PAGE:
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CALL FOR ENTRIES: Detroit Design Festival 2014

Click here to see a video about the Detroit Design Festival


Call for Entries for North America’s Festival of Independent Design
DETROIT, MI (May 2, 2014) – The Detroit Creative Corridor Center (DC3) is calling on designers, architects and creatives to submit proposals to exhibit at this year’s Detroit Design Festival (DDF), to be held Sept. 23-28, 2014. Candidates will not only have the opportunity to explore and realize their most innovative ideas, but they also can apply for micro grants, up to $1,000, to support their vision. Applications are due May 31.
 “Detroit Design Festival is a platform to celebrate Detroit’s and North America’s best design talent,” says Matthew Clayson, DC3’s director. “The festival creates an annual design conversation that fosters growth within the creative community by raising awareness of local designers to international audiences. We also use this opportunity to highlight good creative work occurring at the neighborhood level and design practices not traditionally associated with Detroit,” explains Clayson.
Launched to position Detroit as a global center for design, creativity and innovation, the fourth-annual DDF will celebrate the work of Detroit's creative community through product launches and shows, lectures, panel discussions, trunk shows, tours, open houses, retail events and design battles. Hundreds of designers and creative practitioners will create 60 Design Happenings, experiences consumers can immerse themselves in during the festival. These Design Happenings will take place in venues across the city.
“We hope to cast a wide net this year, attracting the best talent throughout North America and beyond,” says Melinda Anderson, festival manager. “The entry process will be much more competitive this year. We’ve worked with more than 600 designers in the past three years. With so much talent in Detroit and international buzz, we expect this year’s festival will be the most dynamic and collaborative to date.”
Metropolitan Detroit is home to the highest concentrations and quantities of commercial and industrial designers of all U.S. metro regions. Detroit’s professional creative industry is the third largest private sector employer in the city, employing approximately 12,300 individuals. Detroit’s Creative Corridor is home to 200 individual creative sector companies, which employ 4,000 people and generate $640M in aggregate annual revenues.
The DDF is poised to take advantage of and spotlight that creativity. The website – – will serve as a portal where designers can post their proposed Design Happenings and the general public can view ideas and pledge support. Through this online submission process, DC3 strives to build a network between Detroit and the international design community. Applications are due May 31.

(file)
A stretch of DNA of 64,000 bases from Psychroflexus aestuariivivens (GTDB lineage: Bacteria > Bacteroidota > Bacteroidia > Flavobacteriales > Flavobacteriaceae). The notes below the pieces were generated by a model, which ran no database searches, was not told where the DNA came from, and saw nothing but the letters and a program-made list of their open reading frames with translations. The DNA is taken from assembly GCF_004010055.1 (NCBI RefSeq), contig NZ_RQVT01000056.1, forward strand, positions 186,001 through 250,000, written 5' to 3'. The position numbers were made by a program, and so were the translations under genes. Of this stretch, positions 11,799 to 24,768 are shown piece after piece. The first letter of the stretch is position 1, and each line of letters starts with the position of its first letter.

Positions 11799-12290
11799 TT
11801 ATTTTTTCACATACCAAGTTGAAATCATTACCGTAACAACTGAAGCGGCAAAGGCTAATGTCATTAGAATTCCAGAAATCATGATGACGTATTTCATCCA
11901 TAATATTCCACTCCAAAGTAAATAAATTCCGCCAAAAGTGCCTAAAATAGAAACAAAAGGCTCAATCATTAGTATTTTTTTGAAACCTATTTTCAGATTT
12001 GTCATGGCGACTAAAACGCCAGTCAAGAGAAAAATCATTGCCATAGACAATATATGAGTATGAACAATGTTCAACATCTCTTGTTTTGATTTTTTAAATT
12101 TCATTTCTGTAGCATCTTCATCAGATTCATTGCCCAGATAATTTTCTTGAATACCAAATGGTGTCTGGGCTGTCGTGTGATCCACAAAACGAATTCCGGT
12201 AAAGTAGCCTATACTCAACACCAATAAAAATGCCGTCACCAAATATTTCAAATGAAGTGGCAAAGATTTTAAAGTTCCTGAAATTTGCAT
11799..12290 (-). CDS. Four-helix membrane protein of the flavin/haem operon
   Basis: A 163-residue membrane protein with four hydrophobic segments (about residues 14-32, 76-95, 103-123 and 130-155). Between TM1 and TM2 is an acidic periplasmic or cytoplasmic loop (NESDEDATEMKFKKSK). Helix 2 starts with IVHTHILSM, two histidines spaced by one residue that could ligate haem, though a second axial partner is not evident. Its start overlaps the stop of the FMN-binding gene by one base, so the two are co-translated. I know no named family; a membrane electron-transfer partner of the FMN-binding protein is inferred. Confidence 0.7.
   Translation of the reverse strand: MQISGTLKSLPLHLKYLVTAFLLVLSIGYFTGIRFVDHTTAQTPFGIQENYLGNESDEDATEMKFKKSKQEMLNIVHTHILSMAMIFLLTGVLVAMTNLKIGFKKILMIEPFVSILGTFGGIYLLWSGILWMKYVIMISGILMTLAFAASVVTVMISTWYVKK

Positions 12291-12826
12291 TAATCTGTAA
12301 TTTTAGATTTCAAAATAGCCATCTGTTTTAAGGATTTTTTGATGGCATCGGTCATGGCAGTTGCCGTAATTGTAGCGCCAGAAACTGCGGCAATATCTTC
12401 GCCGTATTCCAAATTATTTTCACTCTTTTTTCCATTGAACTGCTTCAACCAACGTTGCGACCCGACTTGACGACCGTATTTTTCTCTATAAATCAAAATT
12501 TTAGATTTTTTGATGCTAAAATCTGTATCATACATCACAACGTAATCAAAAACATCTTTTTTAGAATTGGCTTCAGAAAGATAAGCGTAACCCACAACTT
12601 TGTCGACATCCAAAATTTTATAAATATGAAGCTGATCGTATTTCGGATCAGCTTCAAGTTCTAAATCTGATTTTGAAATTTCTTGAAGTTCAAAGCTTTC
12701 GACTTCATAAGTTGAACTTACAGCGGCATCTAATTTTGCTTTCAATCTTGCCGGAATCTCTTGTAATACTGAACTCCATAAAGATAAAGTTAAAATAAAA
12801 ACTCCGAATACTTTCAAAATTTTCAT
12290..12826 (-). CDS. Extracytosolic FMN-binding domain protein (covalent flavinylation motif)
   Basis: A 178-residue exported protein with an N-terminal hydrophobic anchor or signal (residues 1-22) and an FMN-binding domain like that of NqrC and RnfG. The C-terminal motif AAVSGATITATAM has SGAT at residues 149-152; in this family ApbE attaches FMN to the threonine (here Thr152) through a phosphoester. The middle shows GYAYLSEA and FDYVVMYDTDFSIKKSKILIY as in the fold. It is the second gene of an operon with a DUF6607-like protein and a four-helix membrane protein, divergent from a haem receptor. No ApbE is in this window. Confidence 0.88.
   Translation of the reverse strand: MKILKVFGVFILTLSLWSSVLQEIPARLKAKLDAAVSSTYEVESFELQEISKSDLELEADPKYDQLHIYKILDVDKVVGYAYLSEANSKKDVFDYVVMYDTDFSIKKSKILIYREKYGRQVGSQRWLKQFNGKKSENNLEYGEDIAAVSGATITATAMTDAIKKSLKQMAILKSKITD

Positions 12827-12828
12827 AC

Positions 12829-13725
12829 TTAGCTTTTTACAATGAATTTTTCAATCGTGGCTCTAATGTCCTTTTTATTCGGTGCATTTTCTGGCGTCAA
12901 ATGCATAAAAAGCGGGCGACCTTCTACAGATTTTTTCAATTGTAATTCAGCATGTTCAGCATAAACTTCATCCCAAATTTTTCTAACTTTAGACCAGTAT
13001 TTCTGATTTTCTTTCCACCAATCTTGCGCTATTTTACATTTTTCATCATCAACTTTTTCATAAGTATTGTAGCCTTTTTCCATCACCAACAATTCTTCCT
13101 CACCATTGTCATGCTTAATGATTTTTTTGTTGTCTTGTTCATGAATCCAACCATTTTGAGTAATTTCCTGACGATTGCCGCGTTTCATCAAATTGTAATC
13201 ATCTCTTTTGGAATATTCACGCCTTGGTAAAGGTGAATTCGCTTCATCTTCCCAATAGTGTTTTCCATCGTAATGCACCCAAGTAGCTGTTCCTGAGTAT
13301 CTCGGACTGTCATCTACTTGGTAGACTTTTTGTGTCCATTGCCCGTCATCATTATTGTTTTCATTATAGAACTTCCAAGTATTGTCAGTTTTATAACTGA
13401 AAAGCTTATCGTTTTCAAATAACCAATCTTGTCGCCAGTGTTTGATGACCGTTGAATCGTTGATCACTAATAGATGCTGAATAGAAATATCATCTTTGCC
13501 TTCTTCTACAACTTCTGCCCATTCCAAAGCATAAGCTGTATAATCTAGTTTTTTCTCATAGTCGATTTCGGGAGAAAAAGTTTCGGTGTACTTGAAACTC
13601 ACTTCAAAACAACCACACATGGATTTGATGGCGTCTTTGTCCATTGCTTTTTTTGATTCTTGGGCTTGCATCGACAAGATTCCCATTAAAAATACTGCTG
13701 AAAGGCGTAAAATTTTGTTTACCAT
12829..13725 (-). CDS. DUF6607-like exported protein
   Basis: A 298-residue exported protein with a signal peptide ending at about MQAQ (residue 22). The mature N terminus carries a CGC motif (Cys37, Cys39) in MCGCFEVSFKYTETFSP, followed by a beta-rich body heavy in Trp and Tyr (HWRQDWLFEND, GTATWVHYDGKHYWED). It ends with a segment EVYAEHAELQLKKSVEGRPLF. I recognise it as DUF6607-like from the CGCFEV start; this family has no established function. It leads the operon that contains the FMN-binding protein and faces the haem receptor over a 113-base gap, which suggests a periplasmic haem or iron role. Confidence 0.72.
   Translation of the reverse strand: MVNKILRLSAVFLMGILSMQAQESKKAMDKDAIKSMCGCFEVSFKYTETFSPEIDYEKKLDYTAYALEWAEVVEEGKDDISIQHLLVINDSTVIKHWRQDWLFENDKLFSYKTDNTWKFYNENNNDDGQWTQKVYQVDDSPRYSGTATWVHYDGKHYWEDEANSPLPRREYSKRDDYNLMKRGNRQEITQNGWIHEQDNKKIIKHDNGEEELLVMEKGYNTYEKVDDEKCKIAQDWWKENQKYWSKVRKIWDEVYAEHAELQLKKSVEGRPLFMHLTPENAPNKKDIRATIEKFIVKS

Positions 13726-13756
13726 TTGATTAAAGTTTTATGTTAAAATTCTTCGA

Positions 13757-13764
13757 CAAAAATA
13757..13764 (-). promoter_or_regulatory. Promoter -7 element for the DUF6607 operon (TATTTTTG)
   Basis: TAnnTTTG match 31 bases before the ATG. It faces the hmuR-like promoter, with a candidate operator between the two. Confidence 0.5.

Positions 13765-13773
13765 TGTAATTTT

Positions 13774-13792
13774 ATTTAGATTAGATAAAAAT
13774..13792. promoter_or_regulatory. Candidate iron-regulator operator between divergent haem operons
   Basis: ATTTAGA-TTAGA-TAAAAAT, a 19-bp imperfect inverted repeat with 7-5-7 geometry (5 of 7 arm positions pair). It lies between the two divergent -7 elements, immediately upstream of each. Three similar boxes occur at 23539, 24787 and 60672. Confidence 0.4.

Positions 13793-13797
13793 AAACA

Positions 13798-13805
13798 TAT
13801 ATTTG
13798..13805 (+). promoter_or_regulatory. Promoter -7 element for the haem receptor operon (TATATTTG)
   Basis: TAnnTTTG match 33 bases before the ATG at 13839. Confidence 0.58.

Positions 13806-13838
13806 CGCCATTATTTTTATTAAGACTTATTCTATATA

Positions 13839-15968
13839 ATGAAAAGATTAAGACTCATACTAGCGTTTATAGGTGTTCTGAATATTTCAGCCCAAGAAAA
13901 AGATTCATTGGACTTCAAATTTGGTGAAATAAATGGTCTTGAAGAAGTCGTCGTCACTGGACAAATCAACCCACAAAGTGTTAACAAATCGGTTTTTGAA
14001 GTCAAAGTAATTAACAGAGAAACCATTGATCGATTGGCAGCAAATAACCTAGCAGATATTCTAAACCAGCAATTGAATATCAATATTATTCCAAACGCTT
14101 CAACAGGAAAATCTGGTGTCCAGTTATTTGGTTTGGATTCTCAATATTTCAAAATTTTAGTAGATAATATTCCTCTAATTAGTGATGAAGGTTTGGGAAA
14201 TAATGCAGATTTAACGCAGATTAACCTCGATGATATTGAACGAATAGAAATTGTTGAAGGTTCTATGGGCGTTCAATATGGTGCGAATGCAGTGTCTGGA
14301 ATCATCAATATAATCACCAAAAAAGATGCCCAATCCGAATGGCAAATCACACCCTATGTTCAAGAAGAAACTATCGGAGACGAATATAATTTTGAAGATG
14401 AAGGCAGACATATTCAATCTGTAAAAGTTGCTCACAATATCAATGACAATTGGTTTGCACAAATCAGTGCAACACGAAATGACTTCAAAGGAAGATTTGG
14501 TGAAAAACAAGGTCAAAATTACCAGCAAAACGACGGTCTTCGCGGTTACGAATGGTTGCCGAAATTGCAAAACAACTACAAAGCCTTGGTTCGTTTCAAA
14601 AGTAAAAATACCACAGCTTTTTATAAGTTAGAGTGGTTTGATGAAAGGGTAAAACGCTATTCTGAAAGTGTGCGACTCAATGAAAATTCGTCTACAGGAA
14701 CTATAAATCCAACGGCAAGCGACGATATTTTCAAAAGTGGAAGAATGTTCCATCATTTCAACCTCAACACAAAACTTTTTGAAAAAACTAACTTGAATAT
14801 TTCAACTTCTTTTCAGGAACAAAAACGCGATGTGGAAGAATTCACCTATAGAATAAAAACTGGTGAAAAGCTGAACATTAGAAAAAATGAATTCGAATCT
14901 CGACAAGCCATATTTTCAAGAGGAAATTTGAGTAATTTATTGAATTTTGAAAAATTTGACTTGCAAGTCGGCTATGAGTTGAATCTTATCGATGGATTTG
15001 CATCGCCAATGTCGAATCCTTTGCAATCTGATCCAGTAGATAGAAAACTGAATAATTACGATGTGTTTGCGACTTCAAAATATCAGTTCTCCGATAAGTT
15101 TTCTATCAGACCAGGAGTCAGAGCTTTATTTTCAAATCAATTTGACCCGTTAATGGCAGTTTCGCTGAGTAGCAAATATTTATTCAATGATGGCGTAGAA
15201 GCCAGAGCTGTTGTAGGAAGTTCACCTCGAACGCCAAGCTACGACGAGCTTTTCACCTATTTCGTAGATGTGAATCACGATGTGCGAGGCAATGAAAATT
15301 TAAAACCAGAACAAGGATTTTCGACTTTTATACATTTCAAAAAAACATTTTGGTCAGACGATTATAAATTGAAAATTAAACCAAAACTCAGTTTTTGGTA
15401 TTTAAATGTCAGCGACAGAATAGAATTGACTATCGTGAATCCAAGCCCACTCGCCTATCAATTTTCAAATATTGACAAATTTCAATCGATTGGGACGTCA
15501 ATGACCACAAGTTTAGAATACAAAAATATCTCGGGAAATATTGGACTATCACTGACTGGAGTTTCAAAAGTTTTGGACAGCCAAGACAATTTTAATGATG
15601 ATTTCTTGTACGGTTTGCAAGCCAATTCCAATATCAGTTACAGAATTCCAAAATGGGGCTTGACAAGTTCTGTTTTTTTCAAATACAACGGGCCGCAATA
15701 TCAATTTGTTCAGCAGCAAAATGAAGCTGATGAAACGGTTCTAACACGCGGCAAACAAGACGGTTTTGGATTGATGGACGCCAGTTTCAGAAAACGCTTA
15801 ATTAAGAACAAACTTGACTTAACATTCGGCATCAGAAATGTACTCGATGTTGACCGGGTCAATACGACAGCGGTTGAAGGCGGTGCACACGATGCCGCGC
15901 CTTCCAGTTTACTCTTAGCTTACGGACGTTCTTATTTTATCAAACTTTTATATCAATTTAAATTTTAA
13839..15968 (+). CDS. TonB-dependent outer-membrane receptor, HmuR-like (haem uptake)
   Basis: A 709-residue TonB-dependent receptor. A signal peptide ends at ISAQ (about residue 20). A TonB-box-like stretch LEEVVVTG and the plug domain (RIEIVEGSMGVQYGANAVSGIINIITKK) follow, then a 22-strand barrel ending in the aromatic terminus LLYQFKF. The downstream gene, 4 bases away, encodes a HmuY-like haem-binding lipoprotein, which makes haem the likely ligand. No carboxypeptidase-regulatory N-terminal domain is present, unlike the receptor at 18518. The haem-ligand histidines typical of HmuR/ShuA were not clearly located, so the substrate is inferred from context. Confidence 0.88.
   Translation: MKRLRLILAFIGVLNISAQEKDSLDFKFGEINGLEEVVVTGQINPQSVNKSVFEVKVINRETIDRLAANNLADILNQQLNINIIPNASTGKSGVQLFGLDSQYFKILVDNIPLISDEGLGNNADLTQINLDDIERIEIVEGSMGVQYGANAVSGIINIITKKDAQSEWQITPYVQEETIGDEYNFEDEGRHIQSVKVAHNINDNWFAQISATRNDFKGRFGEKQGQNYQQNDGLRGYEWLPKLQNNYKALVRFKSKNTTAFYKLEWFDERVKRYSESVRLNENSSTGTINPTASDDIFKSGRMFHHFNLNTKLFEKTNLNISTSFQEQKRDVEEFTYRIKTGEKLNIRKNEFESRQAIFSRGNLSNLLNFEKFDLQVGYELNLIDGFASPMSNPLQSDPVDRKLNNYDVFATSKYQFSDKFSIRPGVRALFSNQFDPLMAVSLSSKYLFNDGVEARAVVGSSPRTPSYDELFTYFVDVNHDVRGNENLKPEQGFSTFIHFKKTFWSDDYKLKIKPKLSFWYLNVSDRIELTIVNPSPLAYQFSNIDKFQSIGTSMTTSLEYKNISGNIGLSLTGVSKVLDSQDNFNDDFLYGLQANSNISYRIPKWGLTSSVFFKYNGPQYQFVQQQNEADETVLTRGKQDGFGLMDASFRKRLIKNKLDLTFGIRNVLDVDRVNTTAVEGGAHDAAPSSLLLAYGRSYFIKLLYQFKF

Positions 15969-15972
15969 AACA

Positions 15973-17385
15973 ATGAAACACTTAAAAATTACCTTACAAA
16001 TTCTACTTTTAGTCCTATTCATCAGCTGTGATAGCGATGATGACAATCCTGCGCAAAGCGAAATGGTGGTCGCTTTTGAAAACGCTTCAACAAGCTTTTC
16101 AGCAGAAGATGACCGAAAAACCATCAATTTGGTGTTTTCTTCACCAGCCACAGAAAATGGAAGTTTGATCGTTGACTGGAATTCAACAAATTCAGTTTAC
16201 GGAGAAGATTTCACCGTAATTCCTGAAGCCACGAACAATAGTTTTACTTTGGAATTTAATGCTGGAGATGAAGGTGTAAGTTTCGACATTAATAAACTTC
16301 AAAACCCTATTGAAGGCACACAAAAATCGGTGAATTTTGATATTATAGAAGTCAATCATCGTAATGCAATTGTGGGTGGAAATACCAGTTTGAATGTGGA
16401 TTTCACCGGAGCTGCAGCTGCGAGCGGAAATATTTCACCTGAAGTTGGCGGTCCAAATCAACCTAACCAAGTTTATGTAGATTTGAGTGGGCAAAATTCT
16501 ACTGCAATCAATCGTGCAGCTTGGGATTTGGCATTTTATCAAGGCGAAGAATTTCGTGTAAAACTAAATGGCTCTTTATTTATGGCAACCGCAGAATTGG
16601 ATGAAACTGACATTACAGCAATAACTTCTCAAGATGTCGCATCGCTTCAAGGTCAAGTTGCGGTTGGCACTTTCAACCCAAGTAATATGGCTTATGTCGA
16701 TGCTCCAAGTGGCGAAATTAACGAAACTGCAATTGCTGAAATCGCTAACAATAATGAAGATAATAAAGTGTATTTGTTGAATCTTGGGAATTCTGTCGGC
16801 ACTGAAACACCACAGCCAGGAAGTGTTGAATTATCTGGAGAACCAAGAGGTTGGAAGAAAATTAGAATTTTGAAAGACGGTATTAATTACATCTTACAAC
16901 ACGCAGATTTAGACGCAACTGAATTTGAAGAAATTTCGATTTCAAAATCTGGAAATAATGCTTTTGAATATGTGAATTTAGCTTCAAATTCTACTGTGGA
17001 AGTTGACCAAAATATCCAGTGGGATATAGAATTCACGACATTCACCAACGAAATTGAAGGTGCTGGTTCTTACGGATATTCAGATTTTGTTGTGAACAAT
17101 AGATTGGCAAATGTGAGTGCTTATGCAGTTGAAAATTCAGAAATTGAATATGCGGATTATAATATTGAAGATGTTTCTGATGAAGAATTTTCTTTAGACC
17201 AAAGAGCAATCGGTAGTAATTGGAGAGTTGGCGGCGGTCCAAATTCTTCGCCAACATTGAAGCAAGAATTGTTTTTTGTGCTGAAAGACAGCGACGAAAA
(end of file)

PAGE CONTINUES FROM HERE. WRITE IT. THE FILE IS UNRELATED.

For more information about how to submit a Design Happening, apply for a micro-grant, to attend events, or to become a Design Ambassador or sponsor, please visit Find the Detroit Design Festival on Facebook at, or @DetDesignFest on Twitter. Please use hash tags #DDF2014 #DesignLivesHere.

The Detroit Creative Corridor Center is designed to support the growth of Detroit’s creative economy by delivering business acceleration and attraction services and developing signature programming tailored specifically to creative professionals’ needs. 

DC3 extends business acceleration services to Detroit’s creative community in partnership with TechTown and the region’s business incubators; helps existing businesses realize the potential of concentrating and growing operations in Detroit’s Creative Corridor through leading business attraction specific to the needs of the creative and design sectors; and develops unique programming that strengthen networks between creative practitioners in Southeast Michigan while reinforcing their essential role as a social and economic change agents.

DC3 is a partnership between Business Leaders for Michigan and the College for Creative Studies. It receives funding from the U.S. Small Business Administration, the Michigan Economic Development Corporation, the New Economy Initiative for Southeast Michigan, The Kresge Foundation, the John S. and James L. Knight Foundation and the Surdna Foundation.  It also generates a portion of its revenue through fee-based consulting work.

Click here for images by J. Singleton

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